Franco Allegrini comments in the article that he’s not sure in screwcap closures are better for wines meant to be drunk young, like their Valpolicella, but that they have to use much less sulfur in the wine when they use screwcaps. This reduction of intervention would generally be thought of as a good thing, and it’s a shame that the Italian wine regulators are so hidebound to their outmoded traditions that they can’t see the advantage of modern closure technology.

Allegrini will probably get less for their wine, bottling it with screwcaps as Valpolicella, than they would bottling it with corks as Valpolicella Classico. Co-owner Marilisa Allegrini thinks this will actually help, rather than hurt, the wine’s sales, considering the dollar’s activity these days.

Funny old world in which, when your country’s wine laws work against you, it can actually boost your sales.

Midwife drives brother-in-law to prayer

So, I’m interviewing midwives for The Big Day. I mean, obviously, the right candidate will be there all through the script work, reading and rehearsals, but really it’s all about the Opening Night. (har) Never really gave it too much thought, honestly — not like I do when I realize there might be a raised eyebrow or two over my lefty, granola behavior, given my state of residence. I always figured I’d see a midwife instead of an OB/GYN, as I was planning to get pregnant, not sick.

But my 74-year-old father-in-law, who is the last of the blue collar democrats and understands the political implications of a woman’s right to choose and everything, was severely taken aback by the midwife thing. Like, way.

I’ve talked to Dad-in-Law a little bit, explaining that 70% of births in Japan and Europe are attended exclusively by midwives, and that those countries have much lower infant and maternal mortality rates than the US does. I’ve also explained that midwives will only take on low-risk patients, so that if the tyke is presenting breech or I’m having twins or something, they’ll march me off to an obstetrician post-haste. I’ve even considered buying him a copy of The Business of Being Born, which I heartily recommend to you all. Slowly but surely, I think I am calming his fears for me and his new grandbaby.

Not so in the case of my brother-in-law, who told my husband that working seeing a midwife instead of a doctor was “dumb,” and that he’d be praying for our family. Brother Dear is certainly closer to The Jesus than I am, but I wouldn’t call them bosom buddies. Thusly, I think a thank you card from one of the trinity would be a nice gesture, since my reckless trusting of midwives has so fervently brought my in-laws closer to god.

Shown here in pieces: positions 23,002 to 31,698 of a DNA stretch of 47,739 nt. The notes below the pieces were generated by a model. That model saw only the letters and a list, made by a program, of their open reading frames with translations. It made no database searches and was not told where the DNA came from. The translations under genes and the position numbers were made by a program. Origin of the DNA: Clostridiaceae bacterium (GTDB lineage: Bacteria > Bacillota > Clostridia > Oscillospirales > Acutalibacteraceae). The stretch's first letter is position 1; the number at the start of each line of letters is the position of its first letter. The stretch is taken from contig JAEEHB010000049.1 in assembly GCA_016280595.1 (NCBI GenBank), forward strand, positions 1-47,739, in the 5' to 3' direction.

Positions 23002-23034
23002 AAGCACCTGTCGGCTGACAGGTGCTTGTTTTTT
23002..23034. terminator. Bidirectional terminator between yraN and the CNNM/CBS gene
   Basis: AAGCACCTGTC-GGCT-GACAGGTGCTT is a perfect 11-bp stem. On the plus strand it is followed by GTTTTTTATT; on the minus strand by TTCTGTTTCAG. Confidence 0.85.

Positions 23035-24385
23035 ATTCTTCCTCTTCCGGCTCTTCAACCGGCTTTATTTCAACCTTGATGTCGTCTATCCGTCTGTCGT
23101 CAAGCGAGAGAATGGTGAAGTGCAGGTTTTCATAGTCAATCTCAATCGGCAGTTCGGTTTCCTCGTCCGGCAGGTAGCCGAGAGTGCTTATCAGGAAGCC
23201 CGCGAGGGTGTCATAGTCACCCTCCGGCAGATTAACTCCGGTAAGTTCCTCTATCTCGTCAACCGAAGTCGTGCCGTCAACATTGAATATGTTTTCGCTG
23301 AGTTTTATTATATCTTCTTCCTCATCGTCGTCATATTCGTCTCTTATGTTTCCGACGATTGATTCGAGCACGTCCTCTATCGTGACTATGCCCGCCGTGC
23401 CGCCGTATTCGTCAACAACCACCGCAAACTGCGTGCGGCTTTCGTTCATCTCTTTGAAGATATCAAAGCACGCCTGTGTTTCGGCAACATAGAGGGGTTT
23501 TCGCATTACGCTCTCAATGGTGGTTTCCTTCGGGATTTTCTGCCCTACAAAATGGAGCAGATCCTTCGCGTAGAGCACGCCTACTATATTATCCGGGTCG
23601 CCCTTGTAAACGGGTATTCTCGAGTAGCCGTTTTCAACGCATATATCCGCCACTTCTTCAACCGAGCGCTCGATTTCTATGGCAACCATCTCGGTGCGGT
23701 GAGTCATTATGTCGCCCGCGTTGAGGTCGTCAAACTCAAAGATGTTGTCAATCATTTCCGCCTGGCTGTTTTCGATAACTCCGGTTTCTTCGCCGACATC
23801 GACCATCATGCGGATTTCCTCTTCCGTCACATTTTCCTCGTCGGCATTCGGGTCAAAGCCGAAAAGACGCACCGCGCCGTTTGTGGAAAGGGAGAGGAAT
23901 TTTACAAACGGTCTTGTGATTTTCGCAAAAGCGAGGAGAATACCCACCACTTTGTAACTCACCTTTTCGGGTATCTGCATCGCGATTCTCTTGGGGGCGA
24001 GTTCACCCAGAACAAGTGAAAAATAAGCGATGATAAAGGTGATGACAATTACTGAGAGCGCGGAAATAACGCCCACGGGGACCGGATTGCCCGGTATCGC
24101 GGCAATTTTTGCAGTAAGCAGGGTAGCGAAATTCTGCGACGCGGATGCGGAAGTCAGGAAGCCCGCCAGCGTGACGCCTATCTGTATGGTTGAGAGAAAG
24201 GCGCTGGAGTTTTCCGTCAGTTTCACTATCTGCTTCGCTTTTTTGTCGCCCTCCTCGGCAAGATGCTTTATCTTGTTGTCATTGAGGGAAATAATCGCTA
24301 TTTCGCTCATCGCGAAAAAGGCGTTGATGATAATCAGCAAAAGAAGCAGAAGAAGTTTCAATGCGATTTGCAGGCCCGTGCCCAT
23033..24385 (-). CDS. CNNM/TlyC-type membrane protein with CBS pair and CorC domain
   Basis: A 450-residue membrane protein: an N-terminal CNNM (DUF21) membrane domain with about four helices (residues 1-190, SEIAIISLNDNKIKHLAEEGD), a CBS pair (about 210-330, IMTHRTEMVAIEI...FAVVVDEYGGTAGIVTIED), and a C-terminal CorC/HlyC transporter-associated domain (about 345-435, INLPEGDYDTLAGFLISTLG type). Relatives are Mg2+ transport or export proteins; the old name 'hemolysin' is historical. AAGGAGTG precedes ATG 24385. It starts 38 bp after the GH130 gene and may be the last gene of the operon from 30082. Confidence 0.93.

That being said, of course I’ll take all the prayer I can get.

Sour grapes

What I’m learning about myself is that twofold: I am cheap and I am petty. As these are not two traits I was hoping would be in my Fave 5 as I contemplate motherhood, I am holding on desperately to the belief that they are fleeting.

Trait The First: Man alive, but I hate opening a bottle of wine just to taste it and give (throw) it away! Hate the very notion of it! Abhor, detest and abominate! But what else is a spitter to do?

Trait The Second: Why should everyone else get to drink wine except me? Why should I tell people about neat wine without getting to drink it like everyone else? Why should I even bother reading about wine when I’m not going to be able to enjoy it? And while we’re on the subject, why can’t I eat soft, unpasteurized cheeses and sushi? This whole knocked-up scene sure has a lot of Don’ts involved. Maybe I am whining, but honestly now — wouldn’t you?

Poor pitiful me aside, I’m very irritated with wine and all the limitations it symbolizes for me right now. I’m not a big person, as it turns out, but rather a slave to my comforts… but they’ve sold me down the river, and along I float without a drop to drink.

Bah, humdinger.

Postscript: I wish I could say I’m missing a particular wine variety or region, but really I miss a nice big glass of it.  Food-wise, what mostly doesn’t make me want to hork these days is sour food.  I am gestating a Sour Patch Kid, it seems.

Less wailing next time, gentle reader, I promise.